{ Anything & Everything }

“The truly creative mind in any field is no more than this: A human creature born abnormally, inhumanly sensitive. To him… a touch is a blow, a sound is a noise, a misfortune is a tragedy, a joy is an ecstasy, a friend is a lover, a lover is a god, and failure is death. Add to this cruelly delicate organism the overpowering necessity to create, create, create - so that without the creating of music or poetry or books or buildings or something of meaning, his very breath is cut off from him. He must create, must pour out creation. By some strange, unknown, inward urgency he is not really alive unless he is creating…”

—Pearl S. Buck

These surfboards make me want to learn to surf.

fastcodesign:

High Design Hangs Loose: Beats By Dre Designers Build $3,000 Surfboards

Ammunition, the design firm behind Square and Beats by Dre, has recently shifted its focus from the tech and corporate world to the open ocean. Ammunition’s travel products startup, Octovo, collaborated with master surfboard builder Jason Tilley to design a limited-edition, hand-crafted line of what they’re calling the “world’s most luxurious surfboards” and bag. High design hangs loose here.

Read More>

“We did it because we cared, because when you realize how well you can make something, falling short, whether seen or not, feels like failure.”

—Jony Ive

#details

#details

Wouldn’t this be fantastic? Probably not in my lifetime, unfortunately.
parislemon:

courtenaybird:

A Beautiful Vision Of An American High-Speed Rail Map 
Imagine if the country was linked by a network of 220-mile-per-hour trains.

Want now. But, as they note, “Given the difficulties in building just a tiny part of this system (the chunk of the Yellow Line from L.A. to San Francisco), we’re so amazingly far away from this happening.”

Wouldn’t this be fantastic? Probably not in my lifetime, unfortunately.

parislemon:

courtenaybird:

A Beautiful Vision Of An American High-Speed Rail Map 

Imagine if the country was linked by a network of 220-mile-per-hour trains.

Want now. But, as they note, “Given the difficulties in building just a tiny part of this system (the chunk of the Yellow Line from L.A. to San Francisco), we’re so amazingly far away from this happening.”

I was lucky enough to see this installation in person and can say confidently that this beautiful video barely does it justice.

(Source: thisiscolossal.com)

Happy New Year to all. 

Another great and relevant idea from Mr. Bobrow:
squeekycleanideas:

life cycle
- as a resident of Brooklyn, NY, Hurricane Sandy has been quite an experience. Finding myself working at my laptop as others lost power, internet, and quite frankly, their homes, I decided to figure out what my options were for helping out. Putting my name on a list for the red cross was a start, but most volunteer opportunities require prior training (and rightfully so).
I decided to get out and see what the rest of the city looked like, biked my way around lower Manhattan, and found a lot of people hard at work, but also a lot of people without basic necessities. I wondered if bringing a generator or many into the city would help some have cell phone power to call loved ones. As I pedaled, I thought this generator could be cyclists, generating power by pedaling in place. I have seen some wonderful disaster response bikes, but would love to see fleets of them available in all areas. It would not take a lot of work to equip some bikes with generators, and perhaps a simple 10 usb hub for charging multiple devices.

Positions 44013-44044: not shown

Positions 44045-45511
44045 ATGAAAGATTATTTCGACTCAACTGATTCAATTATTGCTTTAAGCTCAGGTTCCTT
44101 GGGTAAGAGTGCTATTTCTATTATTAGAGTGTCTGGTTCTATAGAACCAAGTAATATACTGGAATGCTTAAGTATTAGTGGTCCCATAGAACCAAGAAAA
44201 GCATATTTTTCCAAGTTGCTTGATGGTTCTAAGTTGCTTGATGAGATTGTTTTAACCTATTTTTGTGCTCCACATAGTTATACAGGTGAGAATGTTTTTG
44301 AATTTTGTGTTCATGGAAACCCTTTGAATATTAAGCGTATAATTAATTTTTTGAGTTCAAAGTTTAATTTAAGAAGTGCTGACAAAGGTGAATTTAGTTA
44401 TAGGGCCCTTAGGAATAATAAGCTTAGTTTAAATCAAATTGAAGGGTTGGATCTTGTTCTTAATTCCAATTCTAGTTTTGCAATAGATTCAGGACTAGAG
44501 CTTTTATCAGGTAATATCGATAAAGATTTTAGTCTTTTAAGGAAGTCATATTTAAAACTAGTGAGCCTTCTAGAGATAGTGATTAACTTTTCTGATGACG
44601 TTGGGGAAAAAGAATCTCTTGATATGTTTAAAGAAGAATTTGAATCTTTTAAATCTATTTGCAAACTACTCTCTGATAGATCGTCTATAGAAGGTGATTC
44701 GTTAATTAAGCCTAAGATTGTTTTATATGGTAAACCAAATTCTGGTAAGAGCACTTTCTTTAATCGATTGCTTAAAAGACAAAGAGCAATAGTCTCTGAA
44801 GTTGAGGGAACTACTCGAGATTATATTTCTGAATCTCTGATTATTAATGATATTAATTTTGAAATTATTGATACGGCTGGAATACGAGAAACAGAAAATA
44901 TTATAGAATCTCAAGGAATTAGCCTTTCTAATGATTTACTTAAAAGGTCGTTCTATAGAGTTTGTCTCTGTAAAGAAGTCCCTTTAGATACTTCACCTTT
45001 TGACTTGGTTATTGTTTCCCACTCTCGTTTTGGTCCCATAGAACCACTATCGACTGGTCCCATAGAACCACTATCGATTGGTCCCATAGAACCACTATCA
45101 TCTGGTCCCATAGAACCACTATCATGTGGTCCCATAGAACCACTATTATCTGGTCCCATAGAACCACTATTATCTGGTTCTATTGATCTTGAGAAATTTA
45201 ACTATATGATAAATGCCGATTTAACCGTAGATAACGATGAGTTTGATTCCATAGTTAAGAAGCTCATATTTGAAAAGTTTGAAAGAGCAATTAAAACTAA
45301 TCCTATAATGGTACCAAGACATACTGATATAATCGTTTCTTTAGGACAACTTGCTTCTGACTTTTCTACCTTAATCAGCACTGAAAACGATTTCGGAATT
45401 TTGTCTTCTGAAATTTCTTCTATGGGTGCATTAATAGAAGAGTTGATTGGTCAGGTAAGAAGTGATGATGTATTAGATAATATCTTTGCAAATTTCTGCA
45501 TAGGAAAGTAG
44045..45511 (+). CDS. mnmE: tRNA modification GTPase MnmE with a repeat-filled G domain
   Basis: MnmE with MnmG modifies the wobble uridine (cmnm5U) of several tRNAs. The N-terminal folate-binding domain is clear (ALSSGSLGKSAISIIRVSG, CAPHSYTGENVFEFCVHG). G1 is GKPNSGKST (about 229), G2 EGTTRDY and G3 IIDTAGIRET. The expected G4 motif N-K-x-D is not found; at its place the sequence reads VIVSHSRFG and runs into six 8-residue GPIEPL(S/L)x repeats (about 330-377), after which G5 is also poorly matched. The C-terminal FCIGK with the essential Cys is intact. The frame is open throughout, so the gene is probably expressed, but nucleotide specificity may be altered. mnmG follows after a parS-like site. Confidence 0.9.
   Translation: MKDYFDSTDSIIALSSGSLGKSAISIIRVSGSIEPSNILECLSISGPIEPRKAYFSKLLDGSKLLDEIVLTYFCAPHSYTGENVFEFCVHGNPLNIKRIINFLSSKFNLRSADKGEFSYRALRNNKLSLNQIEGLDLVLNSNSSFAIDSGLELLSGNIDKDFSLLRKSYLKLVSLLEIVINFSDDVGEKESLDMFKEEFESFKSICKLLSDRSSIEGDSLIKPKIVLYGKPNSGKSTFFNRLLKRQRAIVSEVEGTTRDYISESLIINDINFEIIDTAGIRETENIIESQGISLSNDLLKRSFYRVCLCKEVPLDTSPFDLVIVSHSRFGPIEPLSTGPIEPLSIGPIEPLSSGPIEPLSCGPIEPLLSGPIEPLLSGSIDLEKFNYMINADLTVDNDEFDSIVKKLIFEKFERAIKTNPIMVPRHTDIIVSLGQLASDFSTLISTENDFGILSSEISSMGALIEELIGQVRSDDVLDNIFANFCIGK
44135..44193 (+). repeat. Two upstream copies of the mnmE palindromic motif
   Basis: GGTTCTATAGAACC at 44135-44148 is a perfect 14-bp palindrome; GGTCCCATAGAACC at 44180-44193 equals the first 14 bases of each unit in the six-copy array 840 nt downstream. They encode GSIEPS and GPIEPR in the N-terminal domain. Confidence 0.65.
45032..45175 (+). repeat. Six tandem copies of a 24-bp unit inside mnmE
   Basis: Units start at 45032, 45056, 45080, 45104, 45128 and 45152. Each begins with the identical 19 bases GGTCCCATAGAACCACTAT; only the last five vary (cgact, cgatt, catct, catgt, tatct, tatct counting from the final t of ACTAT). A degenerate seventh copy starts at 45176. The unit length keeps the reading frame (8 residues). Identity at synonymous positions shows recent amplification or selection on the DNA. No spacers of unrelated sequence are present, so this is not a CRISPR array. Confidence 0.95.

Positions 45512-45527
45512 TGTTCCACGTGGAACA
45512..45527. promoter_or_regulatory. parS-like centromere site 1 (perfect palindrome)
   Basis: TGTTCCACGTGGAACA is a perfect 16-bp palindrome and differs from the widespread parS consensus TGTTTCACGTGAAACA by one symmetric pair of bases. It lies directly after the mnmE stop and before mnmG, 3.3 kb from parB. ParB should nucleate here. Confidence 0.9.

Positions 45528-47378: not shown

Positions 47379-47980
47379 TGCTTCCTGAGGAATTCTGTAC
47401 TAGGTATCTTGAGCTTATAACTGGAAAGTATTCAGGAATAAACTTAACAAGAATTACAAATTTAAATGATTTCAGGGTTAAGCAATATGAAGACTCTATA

Along with these bikes, it makes sense to equip them with both a first-aid kit, water, and a water filtration kit (since water is heavy). It seems to me that health, water, and communication would be most basic needs, and I feel like communication doesn’t get stressed enough. As it stands, this is just a sketch on paper, and a post in words, but maybe this will influence some efforts and makers. -

Another great and relevant idea from Mr. Bobrow:

squeekycleanideas:

life cycle

- as a resident of Brooklyn, NY, Hurricane Sandy has been quite an experience. Finding myself working at my laptop as others lost power, internet, and quite frankly, their homes, I decided to figure out what my options were for helping out. Putting my name on a list for the red cross was a start, but most volunteer opportunities require prior training (and rightfully so).

I decided to get out and see what the rest of the city looked like, biked my way around lower Manhattan, and found a lot of people hard at work, but also a lot of people without basic necessities. I wondered if bringing a generator or many into the city would help some have cell phone power to call loved ones. As I pedaled, I thought this generator could be cyclists, generating power by pedaling in place. I have seen some wonderful disaster response bikes, but would love to see fleets of them available in all areas. It would not take a lot of work to equip some bikes with generators, and perhaps a simple 10 usb hub for charging multiple devices.

Along with these bikes, it makes sense to equip them with both a first-aid kit, water, and a water filtration kit (since water is heavy). It seems to me that health, water, and communication would be most basic needs, and I feel like communication doesn’t get stressed enough. As it stands, this is just a sketch on paper, and a post in words, but maybe this will influence some efforts and makers. -

(Source: squeakycleanideas)

@LocalNatives killing it as always. January cannot come fast enough.

(Source: localnatives.com)

Search
Navigate
Archive

Text, photographs, quotes, links, conversations, audio and visual material preserved for future reference.

Likes

A handpicked medley of inspirations, musings, obsessions and things of general interest.